Diesel engine.
Diesel cycle

Endothermic engine

First law of thermodynamics

First law of thermodynamics

The first law of thermodynamics, also called by extension, the law of conservation of energy, is a fundamental assumption of the theory of thermodynamics.

The first law of thermodynamics is a formulation of the principle of conservation of energy and states that:

"The internal energy of an isolated thermodynamic system is constant."

A thermodynamic universe, which consists of the system and its environment, is an isolated system. Energy is not created or destroyed, but is transformed from one form to another: energy can be transferred through the exchange of heat (heat energy) and work.

In the most general and simplest form, the first law of thermodynamics can be described by saying that there is a function of the thermodynamic coordinates of a system, called internal energy U. The variations of this internal energy generate the exchanges of energy of the system with the environment that surrounds it. This process characterizes the thermodynamic transformations between two equilibrium states of the system, according to which the internal energy is a function of the state. During a transformation, energy is supplied to the system through mechanical work and heat exchange. This energy remains stored in the form of internal energy and can then be reused.

The first law of thermodynamics and thermal engines

The first law of thermodynamics is important when calculating the theoretical cycle of a thermal engine, either the Otto cycle or the diesel cycle. Since this first law establishes a relationship between heat and work generated during fuel combustion.

To improve the performance of an endothermic engine we are interested in internal energy becoming work. This work means obtaining mechanical energy, which is what we will use in the engine. On the other hand, the internal energy that is converted into heat energy will dissipate and therefore will be lost energy.

Description of the first law of thermodynamics

Given two states A and B, the variation of the internal energy & Delta; U = U (B) - U (A) is equal to the difference of the absorbed heat Q = Q (A → B) and of the completed work W = W (A → B) of the system during transformation:

ΔU = Q - W

Heat and work are the property of transformations and not of states. In particular transformations, heat exchange can be predominant, while in other transformations work is predominant. If the exit and arrival states are the same, in the different transformations, the total exchange Q - W is the same.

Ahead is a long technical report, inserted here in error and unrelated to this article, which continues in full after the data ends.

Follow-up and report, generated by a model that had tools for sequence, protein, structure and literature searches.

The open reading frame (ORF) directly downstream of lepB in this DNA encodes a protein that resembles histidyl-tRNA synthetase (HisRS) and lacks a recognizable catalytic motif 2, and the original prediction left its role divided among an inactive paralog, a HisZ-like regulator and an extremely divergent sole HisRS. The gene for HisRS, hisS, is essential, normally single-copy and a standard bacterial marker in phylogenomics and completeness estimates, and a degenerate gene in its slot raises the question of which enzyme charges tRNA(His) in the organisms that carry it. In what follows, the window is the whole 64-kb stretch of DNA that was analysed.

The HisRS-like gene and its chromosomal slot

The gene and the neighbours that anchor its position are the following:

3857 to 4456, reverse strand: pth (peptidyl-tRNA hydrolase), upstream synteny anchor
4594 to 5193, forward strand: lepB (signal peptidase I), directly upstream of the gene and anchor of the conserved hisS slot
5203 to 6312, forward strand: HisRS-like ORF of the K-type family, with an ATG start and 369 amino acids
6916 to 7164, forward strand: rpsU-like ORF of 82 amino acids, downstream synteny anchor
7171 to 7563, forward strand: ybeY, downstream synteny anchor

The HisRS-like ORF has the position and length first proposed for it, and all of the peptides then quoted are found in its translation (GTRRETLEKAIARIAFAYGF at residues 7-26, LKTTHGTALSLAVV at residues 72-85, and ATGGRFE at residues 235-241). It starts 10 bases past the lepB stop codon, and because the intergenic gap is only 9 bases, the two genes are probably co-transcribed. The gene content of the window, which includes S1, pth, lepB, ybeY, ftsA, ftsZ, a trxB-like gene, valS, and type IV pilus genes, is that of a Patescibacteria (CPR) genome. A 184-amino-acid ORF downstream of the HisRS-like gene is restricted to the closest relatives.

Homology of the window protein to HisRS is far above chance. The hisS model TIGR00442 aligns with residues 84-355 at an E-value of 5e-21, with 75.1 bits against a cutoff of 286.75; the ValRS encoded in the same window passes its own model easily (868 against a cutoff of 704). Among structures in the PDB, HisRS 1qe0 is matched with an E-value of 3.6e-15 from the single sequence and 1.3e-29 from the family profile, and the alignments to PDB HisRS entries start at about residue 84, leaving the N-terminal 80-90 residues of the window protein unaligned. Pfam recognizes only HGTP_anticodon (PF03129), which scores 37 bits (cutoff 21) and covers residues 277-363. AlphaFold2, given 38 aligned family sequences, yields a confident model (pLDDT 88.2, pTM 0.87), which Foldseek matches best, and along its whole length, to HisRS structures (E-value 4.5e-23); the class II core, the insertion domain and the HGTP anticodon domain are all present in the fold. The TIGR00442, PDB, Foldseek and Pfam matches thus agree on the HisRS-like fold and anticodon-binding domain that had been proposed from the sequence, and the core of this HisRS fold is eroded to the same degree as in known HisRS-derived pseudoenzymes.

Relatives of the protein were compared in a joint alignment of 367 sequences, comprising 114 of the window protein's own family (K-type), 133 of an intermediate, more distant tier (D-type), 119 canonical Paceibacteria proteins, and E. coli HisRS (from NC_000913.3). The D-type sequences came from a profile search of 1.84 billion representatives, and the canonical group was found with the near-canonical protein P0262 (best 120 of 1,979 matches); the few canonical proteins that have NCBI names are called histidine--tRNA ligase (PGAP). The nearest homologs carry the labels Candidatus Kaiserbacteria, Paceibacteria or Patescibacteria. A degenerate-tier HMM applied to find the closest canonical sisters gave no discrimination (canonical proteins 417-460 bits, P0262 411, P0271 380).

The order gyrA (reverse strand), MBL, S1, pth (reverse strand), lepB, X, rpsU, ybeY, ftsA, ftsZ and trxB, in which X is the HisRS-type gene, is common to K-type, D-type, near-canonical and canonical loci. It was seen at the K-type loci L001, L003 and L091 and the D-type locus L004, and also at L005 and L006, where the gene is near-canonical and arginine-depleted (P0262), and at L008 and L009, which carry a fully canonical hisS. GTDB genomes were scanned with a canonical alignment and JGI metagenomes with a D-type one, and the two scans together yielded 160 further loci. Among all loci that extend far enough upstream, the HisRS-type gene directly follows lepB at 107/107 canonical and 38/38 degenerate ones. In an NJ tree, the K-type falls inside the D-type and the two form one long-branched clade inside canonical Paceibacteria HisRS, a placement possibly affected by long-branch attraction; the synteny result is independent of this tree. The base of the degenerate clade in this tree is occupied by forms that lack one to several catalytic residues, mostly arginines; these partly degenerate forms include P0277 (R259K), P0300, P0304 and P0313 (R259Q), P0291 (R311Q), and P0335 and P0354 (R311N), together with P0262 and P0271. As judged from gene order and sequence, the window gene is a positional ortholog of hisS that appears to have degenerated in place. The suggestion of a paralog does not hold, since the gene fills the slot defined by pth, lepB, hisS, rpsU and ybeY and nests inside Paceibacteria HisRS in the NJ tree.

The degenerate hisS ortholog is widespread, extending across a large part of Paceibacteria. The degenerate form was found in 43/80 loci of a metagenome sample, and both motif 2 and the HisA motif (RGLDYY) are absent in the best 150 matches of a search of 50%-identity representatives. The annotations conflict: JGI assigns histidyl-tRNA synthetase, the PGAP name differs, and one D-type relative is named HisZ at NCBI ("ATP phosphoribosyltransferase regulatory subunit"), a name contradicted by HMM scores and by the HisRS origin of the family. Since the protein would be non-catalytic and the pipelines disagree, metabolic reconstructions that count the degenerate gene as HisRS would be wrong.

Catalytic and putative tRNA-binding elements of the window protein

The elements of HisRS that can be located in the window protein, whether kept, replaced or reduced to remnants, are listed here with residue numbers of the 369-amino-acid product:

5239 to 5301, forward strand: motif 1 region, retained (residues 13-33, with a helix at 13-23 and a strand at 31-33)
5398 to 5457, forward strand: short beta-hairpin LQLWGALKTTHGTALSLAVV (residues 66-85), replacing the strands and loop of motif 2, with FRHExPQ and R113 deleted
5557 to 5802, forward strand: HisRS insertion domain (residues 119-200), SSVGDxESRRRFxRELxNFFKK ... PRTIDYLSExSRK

The first law of thermodynamics highlights the existence of an energy exchange mechanism, which can not be expressed as macroscopic mechanical work: this is the name of heat.

The equivalence between work and heat was demonstrated by Joule through a series of experiments in the mid-nineteenth century. Schematically, the various experiments aimed to achieve an increase in the temperature of a certain amount of water with different processes. In one of these, the mechanical energy is transferred to the system through a drop in weight. The weight is mechanically coupled to a high vertical axis by means of a rope that wraps it in its upper part, while in the lower part there are some blades, arranged in a radial pattern, with their planes parallel to the axis of rotation of the shaft. The blades are immersed in a liquid contained in an adiabatic container. Result of the experience is the increase of the temperature of the liquid, or of its internal energy U. This shows that the potential energy of the weight, the fall in the braking by the liquid that opposes its variation of stillness, through the rotation of the blades, moved largely to the brake fluid by increasing the temperature, and developing a thermal work.

The first law of thermodynamics is equivalent to the impossibility of the perpetual motion of the first species.

In an almost static and reversible transformation, it is useful to consider the thermodynamic transformations in which the state variables change in infinitesimal quantities.

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Last review: May 2, 2018